- Carbohydrates are molecules that contain carbon, hydrogen, and oxygen.
- There are twice as many hydrogen atoms as carbon or oxygen atoms.
- The general formula for a carbohydrate can be written as Cx(H2O)y.
- They act as the source of energy (e.g. glucose), as a store of energy (e.g. starch and glycogen) and as structural units (e.g. cellulose in plants and chitins in insects).
- Most carbohydrates are polymers.
- Polymers are large, complex molecules composed of long chains of monomers.
- Monomers are small, basic molecular units.
- Carbohydrates can be divided into three groups: monosaccharides, disaccharides, and polysaccharides.
Monosaccharides – Structure, Properties, and Examples
- Monosaccharides are simple sugars in which there are one oxygen atom and two hydrogen atoms for each carbon atom present in the molecule.
- They have general formula as (CH2O)n.
- Monosaccharides are reducing sugars.
- The test for reducing sugar is called Benedict’s test.
- They are sugars, which taste sweet, are soluble in water and are insoluble in non-polar solvents.
- They exist in straight chains or in the ring or cyclic forms.
- They are classified according to the number of carbon atoms in each molecule as trioses (3C), tetroses (4C), pentoses (5C), hexoses (6C), heptoses (7) and so on.
- The names of all sugars end with -ose.
- Examples: Glyceraldehyde (triose), Erythrose (tetrose), Ribose (pentose), Glucose (hexose), Fructose (hexose), Galactose (hexose), Sedoheptulose (heptose), etc.
- They are used as a source of energy in respiration.
- They are important building blocks for large molecules.
Disaccharides – Structure, Properties, and Examples
- Disaccharides are made up of two monosaccharides joined together by a condensation reaction.
- The condensation reaction is the joining of two molecules with the formation of a new chemical bond and a water molecule is released when the bond is formed.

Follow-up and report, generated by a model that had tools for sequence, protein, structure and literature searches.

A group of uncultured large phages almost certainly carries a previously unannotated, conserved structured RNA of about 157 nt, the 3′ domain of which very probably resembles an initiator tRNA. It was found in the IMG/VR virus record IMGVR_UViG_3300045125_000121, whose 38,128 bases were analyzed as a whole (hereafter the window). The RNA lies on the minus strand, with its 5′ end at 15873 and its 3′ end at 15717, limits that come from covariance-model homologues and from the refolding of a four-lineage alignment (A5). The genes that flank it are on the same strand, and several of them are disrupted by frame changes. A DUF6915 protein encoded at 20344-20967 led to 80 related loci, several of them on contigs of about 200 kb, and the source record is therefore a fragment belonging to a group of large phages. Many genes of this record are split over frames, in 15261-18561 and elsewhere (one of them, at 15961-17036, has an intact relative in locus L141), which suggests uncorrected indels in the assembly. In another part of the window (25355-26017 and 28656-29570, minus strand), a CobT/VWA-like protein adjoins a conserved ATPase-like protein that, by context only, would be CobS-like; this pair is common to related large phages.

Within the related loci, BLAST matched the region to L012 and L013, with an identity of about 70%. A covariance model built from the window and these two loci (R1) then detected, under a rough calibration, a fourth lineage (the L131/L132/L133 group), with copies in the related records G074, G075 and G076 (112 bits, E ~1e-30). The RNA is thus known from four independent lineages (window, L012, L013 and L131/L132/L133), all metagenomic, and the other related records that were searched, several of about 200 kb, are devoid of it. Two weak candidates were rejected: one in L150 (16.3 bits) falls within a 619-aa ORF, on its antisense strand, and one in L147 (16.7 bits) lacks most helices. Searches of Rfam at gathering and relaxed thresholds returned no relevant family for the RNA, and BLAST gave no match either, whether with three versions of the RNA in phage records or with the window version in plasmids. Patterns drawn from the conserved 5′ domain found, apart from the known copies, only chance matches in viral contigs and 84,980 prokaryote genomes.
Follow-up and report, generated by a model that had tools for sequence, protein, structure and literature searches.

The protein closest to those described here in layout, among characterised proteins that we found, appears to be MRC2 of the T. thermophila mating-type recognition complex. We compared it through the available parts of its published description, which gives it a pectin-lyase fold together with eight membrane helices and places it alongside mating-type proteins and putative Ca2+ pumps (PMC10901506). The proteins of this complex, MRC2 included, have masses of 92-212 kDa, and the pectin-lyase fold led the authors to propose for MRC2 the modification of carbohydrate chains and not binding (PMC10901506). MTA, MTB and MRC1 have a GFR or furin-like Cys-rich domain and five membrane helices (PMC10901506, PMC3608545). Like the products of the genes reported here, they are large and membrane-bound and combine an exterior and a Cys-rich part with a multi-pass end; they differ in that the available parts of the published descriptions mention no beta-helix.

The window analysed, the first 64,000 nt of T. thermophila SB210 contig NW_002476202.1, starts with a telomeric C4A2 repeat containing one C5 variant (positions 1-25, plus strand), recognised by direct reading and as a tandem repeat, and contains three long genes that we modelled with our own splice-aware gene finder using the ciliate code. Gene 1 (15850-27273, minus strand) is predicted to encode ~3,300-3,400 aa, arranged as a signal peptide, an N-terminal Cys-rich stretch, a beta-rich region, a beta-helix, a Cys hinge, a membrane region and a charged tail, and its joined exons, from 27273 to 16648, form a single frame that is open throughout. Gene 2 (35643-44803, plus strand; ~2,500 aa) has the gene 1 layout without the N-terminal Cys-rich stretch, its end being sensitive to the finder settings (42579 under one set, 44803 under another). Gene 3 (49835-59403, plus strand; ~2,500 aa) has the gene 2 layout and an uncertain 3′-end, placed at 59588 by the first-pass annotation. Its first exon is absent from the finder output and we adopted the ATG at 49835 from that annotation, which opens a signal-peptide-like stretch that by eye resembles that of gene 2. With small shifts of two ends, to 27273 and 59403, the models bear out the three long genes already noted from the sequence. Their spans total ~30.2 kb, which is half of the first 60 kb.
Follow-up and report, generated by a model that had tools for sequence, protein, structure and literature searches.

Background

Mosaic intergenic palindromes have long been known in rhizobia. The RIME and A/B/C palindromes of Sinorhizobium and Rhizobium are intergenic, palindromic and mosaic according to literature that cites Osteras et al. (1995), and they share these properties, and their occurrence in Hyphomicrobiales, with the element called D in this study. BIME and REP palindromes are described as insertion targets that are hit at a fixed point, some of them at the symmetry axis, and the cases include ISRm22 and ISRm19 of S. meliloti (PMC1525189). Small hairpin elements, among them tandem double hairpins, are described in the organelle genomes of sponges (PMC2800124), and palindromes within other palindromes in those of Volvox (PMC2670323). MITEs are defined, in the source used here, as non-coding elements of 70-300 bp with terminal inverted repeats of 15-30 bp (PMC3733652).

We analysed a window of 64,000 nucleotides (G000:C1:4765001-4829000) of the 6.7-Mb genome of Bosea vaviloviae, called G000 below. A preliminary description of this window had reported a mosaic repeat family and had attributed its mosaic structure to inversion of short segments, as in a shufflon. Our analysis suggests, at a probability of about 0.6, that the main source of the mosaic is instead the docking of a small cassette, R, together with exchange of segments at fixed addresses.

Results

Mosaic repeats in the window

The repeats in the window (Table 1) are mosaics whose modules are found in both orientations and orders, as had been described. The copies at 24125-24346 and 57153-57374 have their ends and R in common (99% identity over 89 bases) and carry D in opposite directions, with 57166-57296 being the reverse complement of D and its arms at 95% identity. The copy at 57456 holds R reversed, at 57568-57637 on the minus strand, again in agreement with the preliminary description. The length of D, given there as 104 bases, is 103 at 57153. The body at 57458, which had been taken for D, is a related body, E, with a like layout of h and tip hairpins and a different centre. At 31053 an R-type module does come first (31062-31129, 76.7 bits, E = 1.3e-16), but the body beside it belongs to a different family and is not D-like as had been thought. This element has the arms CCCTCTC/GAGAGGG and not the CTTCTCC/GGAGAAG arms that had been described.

- A glycosidic bond is formed between two monosaccharides. If carbon 1 on one monosaccharide joins to carbon 4 on another monosaccharide, it is called a 1,4-glycosidic bond.
- Examples: Maltose is formed from two α-glucose molecules joined together by a glycosidic bond. Sucrose is formed from a condensation reaction between a glucose molecule and a fructose molecule. Lactose is formed from glucose and a galactose molecule.
- Sucrose is a non-reducing sugar.
- Disaccharides can be split apart into two monosaccharides by breaking the glycosidic bond by adding water molecules, which is known as hydrolysis reaction. The water provides a hydroxyl group (-OH) and hydrogen (-H), which helps the glycosidic bond to break.
- Sucrose is the transport sugar and Lactose is the sugar found in milk which an important constituent of the diet of young mammals.
Polysaccharides – Structure, Properties, and Examples
- Polysaccharides are polymers formed by combining many monosaccharide molecules (more than two) by condensation reactions.
- Molecules with 3-10 sugar units are known as oligosaccharides while molecules containing 11 or more monosaccharides are true polysaccharides.
- Polysaccharides do not taste sweet.
- Because their molecules are so enormous, the majority of polysaccharides do not dissolve in water.
- Polysaccharides made solely from one kind of monosaccharides are called homopolysaccharides (Starch) while those made of more than one monomer are called heteropolysaccharides (Hyaluronic acid).
- Starch is made up of long chains of α-glucose (Amylose and Amylopectin). Glycogen is made of α-glucose linked together by glycosidic bonds. Cellulose is also made of many β-glucose molecules linked by glycosidic bonds between carbon 1 and carbon 4.
- Starch is the main energy storage materials in plants. Glycogen is the main energy storage materials in animals. Cellulose is the major component of cell walls in plants.
- The test for starch is called an Iodine test.
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